The Biosecurity Plan was developed in large part as a response to the previous economic downturn, when many biosecurity programs were reducted. We have since learned the costly lesson that investments in biosecurity save money in avoided damages and control efforts. As we face a new downturn due to COVID-19, the Biosecurity Plan framework suggests the following priorities in order to weather this trying period:
- Maintain critical civil service capacity, especially biosecurity positions at HDOA, DOH Vector Control, and conservation positions at DLNR.
- Maintain critical non-civil service capacity at the UH Invasive Species Committees and Watershed Partnerships through funding to HISC and Watershed Partnership Program.
- Stay on track in planned growth areas. The Plan identifies critical new positions needed as soon as possible for HDOA electronic import manifesting and ship ballast water & biofouling inspection by the DLNR Division of Aquatic Resources.
- We can grow rather than shrink. Biosecurity programs have plentiful shovel-ready work and can help stimulate job growth. DLNR and the HISC are compiling hundreds of potential job stimulus ideas relating to invasive species that can put people back to work in short-term positions.
The scope of the Hawai‘i Interagency Biosecurity Plan addresses three biosecurity areas including pre-border (for example, agreements on handling and treatment of products before they enter the state), border (for example, inspection authorities and technologies), and post-border (for example, tools and capacity for response after invasive species have become established). The benefit of a comprehensive interagency plan is that it facilitates actions and policies across a wide range of agencies and partners. The plan includes roughly 150 action items assigned to various agencies and stakeholders, with specific details on how and when to best implement each action.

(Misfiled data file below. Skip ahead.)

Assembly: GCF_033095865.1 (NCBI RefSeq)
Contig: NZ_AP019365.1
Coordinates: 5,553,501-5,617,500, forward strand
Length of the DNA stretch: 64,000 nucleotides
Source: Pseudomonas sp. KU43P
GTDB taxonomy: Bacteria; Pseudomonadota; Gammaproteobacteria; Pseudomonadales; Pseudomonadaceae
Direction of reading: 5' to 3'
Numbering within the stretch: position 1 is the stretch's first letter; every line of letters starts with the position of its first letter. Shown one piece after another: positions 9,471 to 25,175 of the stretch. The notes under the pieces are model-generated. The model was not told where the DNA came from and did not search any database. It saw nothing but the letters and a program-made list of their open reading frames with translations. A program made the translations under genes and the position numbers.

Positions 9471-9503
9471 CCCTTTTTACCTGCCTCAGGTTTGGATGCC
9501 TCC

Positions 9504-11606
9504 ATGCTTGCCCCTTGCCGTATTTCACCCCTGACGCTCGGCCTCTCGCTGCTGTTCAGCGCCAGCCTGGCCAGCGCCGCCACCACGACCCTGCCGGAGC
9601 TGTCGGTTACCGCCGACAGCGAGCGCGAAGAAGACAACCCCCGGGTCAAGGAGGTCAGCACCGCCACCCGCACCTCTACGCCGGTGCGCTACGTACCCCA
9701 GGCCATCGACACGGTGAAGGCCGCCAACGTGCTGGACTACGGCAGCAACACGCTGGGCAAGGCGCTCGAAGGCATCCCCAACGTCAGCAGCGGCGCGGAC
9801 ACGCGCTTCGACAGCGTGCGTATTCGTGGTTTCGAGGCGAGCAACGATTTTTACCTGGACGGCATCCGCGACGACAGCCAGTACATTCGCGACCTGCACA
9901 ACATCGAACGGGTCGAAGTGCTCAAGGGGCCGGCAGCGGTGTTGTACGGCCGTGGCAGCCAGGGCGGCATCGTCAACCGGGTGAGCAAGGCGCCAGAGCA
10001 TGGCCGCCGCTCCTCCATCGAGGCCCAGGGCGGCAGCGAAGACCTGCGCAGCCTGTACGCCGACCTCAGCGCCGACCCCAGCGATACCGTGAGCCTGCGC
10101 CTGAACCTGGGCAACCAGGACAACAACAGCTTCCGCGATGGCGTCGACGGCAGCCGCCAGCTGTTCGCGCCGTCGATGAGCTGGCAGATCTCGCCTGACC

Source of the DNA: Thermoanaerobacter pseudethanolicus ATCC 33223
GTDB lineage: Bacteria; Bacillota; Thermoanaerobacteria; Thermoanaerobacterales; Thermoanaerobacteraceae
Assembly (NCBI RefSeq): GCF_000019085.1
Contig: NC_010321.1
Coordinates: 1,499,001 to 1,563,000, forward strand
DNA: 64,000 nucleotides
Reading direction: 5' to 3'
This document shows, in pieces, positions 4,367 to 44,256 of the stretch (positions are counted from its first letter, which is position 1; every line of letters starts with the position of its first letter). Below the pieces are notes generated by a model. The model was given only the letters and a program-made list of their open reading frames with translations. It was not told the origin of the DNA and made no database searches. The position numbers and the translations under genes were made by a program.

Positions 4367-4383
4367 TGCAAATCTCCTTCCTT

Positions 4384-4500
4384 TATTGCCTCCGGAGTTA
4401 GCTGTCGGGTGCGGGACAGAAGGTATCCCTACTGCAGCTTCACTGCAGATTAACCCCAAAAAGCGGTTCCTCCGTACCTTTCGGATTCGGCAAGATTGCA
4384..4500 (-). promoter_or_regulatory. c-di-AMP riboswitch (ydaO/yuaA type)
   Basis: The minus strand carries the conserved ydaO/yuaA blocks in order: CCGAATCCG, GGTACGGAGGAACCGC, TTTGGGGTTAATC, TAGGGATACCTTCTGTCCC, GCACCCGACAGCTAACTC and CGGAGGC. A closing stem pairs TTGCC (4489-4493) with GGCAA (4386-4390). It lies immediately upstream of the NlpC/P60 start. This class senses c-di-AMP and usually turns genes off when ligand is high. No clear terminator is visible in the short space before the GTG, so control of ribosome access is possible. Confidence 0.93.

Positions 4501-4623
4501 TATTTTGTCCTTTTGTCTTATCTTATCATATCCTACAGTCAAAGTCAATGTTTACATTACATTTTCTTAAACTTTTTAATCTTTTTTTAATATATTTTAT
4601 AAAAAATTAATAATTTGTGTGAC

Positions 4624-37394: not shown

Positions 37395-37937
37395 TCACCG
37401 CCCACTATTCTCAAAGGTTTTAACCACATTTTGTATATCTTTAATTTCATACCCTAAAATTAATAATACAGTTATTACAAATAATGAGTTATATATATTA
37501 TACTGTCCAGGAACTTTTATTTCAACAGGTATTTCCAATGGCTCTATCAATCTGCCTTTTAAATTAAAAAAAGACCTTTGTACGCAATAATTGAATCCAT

The plan is a strategic systems analysis, rather than an operational plan that analyzes response protocols for individual species. It identifies critical gaps in our biosecurity system and suggests policies, processes, and resources to address those gaps.
The HISC Support Program works with staff at each of the agencies listed in the Plan to update the status of each of the 147 action items every six months. Thanks to the work of teams at HDOA, DLNR, DOH, UH, and other partners, 57% of the action items in the plan have been initiated as of June 2020, despite only being 30% of the way through the 10-year implementation window. Full details of the implementation status of the Biosecurity Plan can be found at the links below. Past reports are available at https://dlnr.hawaii.gov/hisc/plans/hibp/.